All Forums
 "You Bought WHAT?!"
 Pasture Perfect
 High Use Areas

Note: You must be logged in to post.
To log in, click here.
To join Heritage Jersey Organization, click here. It’s FREE!

Format Mode:
Format: BoldItalicizedUnderlineStrikethrough Align LeftCenteredAlign Right Insert QuoteInsert List Horizontal Rule Insert EmailInsert Hyperlink Insert Image ManuallyUpload Image Embed Video

* Forum Code is ON
Smile [:)] Big Smile [:D] Cool [8D] Blush [:I]
Tongue [:P] Evil [):] Wink [;)] Clown [:o)]
Black Eye [B)] Eight Ball [8] Frown [:(] Shy [8)]
Shocked [:0] Angry [:(!] Dead [xx(] Sleepy [|)]
Kisses [:X] Approve [^] Disapprove [V] Question [?]

Check here to subscribe to this topic.

T O P I C    R E V I E W
CloversMum Posted - Dec 14 2015 : 10:05:46 PM
How do each of you manage your high use areas? How do you keep the mud down? Are wood chips the only or best answer?

In our future plans for a dairy barn, there are plans to create a "cow path" from each pasture up to the barn. It might be gravel on top of cloth. That may be fine for a path for my cows, but I'm wondering right around their shelters.

Pros and cons for gravel? Pros and cons for wood chips? Best method of getting the best price for each?
6   L A T E S T    R E P L I E S    (Newest First)
CloversMum Posted - Dec 15 2015 : 8:10:39 PM
Are aged pine needles okay for pregnant cows? And, if so, how aged?

My goats can't have pine either if they are pregnant (can cause the fetuses to abort); although, pine branches are good for them if they are sick. And, of course, I feed them pine branches when they aren't pregnant. They think it is a grand treat!

A chipper would be a great idea; although, our farmstead is on old farm fields so no big trees yet. We've planted many and I get sad if a single one gets damaged or dies. No wood chipping here unless it were from branches/trees from elsewhere!
maryjane Posted - Dec 15 2015 : 4:20:25 PM
We make a fair amount of chips whenever we take a tree down. We have a chipper that attaches to our tractor. Inevitably, those chips end up with pine needles in them so I have to keep them away from my pregnant cows. Bulls only if there are fresh pine needles amongst the chips.
Andrea0509 Posted - Dec 15 2015 : 3:58:41 PM
I've been wondering what to do for wet areas as well. We have a huge brush pile from trimming overgrown trees this summer and I was thinking about chipping them and using for this purpose.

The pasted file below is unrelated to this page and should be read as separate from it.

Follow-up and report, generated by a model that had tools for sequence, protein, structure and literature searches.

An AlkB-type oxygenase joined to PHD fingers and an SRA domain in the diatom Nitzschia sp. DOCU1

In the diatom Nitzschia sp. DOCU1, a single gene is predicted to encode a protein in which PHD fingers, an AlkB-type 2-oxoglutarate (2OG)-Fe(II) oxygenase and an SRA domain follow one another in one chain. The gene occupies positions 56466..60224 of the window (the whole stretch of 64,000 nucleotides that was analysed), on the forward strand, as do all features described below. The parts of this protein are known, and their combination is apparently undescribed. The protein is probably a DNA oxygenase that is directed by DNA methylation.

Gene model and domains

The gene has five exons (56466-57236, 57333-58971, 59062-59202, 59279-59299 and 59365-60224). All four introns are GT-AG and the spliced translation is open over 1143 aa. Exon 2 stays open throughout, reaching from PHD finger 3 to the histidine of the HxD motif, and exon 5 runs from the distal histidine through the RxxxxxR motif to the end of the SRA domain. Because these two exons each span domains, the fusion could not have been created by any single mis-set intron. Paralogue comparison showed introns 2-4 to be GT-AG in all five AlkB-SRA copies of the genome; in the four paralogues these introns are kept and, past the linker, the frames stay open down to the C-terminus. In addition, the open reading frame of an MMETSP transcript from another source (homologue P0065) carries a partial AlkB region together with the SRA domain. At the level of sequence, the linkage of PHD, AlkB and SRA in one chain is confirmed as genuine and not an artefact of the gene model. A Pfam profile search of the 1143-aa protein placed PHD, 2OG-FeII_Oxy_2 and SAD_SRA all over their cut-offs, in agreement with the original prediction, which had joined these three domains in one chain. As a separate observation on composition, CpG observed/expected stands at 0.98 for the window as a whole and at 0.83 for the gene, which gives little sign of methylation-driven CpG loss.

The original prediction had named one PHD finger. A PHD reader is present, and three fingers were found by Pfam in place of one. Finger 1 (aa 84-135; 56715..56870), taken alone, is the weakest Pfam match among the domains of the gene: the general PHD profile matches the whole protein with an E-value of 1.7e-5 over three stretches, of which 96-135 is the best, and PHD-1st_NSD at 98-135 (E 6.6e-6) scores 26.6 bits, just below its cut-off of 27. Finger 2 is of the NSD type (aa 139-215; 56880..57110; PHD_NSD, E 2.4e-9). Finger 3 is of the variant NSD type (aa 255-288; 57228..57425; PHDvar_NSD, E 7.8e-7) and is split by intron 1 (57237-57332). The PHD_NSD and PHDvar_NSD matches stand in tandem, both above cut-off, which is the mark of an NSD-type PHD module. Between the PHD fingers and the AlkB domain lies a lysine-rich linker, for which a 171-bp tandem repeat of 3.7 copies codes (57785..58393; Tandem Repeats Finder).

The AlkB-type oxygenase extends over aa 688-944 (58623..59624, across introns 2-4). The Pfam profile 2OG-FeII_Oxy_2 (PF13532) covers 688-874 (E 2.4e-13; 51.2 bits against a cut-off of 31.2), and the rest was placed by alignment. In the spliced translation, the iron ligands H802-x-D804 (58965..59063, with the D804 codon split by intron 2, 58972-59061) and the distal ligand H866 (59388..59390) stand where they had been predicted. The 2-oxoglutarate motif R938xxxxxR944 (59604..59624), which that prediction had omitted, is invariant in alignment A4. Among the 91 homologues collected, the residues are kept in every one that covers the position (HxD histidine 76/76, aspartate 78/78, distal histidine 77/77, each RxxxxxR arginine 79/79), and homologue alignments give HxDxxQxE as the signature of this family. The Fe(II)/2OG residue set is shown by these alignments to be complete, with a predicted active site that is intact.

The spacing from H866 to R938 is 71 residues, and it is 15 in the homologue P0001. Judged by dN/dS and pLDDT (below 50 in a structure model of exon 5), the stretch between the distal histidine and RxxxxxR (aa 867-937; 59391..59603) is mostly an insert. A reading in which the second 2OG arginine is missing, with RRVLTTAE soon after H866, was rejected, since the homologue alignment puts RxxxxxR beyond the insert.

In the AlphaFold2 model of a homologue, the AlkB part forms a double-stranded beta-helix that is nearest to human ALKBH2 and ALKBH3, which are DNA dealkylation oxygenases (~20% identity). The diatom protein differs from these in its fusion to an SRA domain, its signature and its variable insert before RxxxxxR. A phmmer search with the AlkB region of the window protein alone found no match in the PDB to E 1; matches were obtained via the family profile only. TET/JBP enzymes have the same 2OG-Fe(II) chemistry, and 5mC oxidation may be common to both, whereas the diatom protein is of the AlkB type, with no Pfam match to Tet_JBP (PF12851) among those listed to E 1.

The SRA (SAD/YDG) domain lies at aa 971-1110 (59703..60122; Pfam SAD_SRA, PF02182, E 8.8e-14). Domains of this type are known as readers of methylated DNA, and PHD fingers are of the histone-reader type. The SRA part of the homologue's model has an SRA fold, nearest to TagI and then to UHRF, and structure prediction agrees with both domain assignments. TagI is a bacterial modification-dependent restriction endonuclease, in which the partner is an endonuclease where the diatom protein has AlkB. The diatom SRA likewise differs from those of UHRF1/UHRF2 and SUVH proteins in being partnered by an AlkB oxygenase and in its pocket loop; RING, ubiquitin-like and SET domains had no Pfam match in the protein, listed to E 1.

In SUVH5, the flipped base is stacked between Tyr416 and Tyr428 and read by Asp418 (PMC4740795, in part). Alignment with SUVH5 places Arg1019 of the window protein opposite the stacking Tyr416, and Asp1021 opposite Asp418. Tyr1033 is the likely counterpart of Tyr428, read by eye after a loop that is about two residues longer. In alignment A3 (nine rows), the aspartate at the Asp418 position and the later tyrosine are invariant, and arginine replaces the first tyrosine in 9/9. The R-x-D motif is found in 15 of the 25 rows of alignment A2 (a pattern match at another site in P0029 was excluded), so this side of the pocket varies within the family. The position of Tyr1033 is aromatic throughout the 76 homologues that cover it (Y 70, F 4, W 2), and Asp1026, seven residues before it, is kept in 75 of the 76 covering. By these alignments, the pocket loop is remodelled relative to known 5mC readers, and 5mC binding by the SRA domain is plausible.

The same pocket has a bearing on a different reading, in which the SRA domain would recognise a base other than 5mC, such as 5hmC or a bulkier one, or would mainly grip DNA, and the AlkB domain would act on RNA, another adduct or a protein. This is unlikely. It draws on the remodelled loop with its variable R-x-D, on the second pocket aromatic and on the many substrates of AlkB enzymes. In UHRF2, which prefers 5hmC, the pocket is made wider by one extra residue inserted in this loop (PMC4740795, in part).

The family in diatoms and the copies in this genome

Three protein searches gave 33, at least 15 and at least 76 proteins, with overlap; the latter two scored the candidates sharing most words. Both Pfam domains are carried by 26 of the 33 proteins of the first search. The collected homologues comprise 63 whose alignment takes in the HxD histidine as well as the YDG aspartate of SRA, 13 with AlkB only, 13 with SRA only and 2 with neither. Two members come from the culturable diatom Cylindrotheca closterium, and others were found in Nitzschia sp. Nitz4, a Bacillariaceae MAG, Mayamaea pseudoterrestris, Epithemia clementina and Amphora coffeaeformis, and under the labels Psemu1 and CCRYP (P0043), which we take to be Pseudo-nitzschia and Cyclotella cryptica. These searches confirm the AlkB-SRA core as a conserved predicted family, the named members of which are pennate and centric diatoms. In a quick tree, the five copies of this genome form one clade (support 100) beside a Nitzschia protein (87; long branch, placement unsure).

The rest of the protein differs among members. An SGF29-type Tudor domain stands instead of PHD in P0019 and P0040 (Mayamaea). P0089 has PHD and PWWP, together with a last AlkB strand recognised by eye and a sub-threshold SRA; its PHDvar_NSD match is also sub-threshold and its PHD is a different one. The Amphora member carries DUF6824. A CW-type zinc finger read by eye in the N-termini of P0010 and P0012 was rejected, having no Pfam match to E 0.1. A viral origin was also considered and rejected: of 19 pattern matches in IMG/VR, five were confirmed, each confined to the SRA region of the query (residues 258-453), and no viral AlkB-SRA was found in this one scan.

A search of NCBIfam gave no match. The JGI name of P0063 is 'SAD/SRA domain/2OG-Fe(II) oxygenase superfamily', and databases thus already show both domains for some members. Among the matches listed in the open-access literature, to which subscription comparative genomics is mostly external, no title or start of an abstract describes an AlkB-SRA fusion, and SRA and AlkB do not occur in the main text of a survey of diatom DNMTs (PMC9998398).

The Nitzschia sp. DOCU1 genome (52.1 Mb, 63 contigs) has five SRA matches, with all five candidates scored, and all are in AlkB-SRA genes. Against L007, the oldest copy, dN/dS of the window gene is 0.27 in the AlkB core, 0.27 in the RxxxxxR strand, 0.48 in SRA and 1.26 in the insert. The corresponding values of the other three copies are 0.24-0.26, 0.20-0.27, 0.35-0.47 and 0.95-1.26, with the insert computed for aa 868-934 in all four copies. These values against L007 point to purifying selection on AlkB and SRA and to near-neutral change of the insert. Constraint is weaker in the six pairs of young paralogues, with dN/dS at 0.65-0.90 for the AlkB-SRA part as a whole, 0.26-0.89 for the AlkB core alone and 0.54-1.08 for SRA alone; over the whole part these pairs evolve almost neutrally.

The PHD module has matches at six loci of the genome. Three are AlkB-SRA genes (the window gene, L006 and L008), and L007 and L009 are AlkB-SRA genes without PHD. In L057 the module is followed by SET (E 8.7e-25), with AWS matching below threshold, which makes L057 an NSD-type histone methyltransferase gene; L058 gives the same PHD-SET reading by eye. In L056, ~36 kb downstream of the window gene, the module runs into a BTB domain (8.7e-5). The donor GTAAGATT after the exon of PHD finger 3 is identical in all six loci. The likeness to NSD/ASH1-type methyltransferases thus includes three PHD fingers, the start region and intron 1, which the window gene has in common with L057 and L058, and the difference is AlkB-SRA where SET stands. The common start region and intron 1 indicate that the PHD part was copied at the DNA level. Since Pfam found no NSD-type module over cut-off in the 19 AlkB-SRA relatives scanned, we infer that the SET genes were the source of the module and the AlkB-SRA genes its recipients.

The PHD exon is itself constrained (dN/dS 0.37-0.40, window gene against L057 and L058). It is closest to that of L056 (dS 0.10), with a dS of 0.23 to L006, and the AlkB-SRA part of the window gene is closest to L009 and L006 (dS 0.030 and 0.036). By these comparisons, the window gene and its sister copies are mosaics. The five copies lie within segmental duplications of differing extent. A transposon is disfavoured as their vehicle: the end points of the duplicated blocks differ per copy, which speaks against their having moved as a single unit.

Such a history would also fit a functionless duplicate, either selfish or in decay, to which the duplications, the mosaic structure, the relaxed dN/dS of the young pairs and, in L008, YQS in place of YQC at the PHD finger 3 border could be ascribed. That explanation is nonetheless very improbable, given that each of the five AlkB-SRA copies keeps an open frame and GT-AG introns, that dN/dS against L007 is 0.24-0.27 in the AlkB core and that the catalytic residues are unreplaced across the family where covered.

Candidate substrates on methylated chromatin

NellieBelle Posted - Dec 15 2015 : 2:03:23 PM
Horses and cows get bruised hooves/feet. Injury, cause lameness. Also rock is slippery and not solid footing. When you go to clean up the rock and gravel, it's just a nuisance. Pine shavings can be picked up and moved out, and the ground made ready for seeding come spring. Just nicer all the way around, and once established, it does the best. I must say, that not even pine shavings, gravel or what have you, would have worked here with the amount of rain we received. You just have to work with and through it. You can only try and make it workable until things change for the better. We tried both gravel and rock and I wouldn't ever do it again. I'll stick to pine shavings for now. Just me. I'll plant to prairie or pasture grass come time. Others may get along fine with gravel and rock.
CloversMum Posted - Dec 15 2015 : 1:20:39 PM
A good tip to remember for installing BarBarA waterers! Or at least for waterers that humans didn't need to fill each day...

Janet, you mentioned elsewhere that gravel and rock didn't work for you. Why? Personal preference or something different?

I read about pine versus cedar chips that cedar puts out a toxic fume but it does keep bugs away. Cedar can make a horse or chickens ill by the fumes or by ingesting it. Pine is more absorbent but less able to keep smells down. And, it sounds like it is safer. I read that many people mix the two, along with some sawdust. Or they put small amounts of cedar down first, covered with several inches of pine.
maryjane Posted - Dec 15 2015 : 08:46:42 AM
Kade was telling me that at the vet clinic where he used to work, they put the water for the animals on top of a hill, quite a ways away from where they ate and hung out and the path was graveled so that it helped keep their hooves trimmed.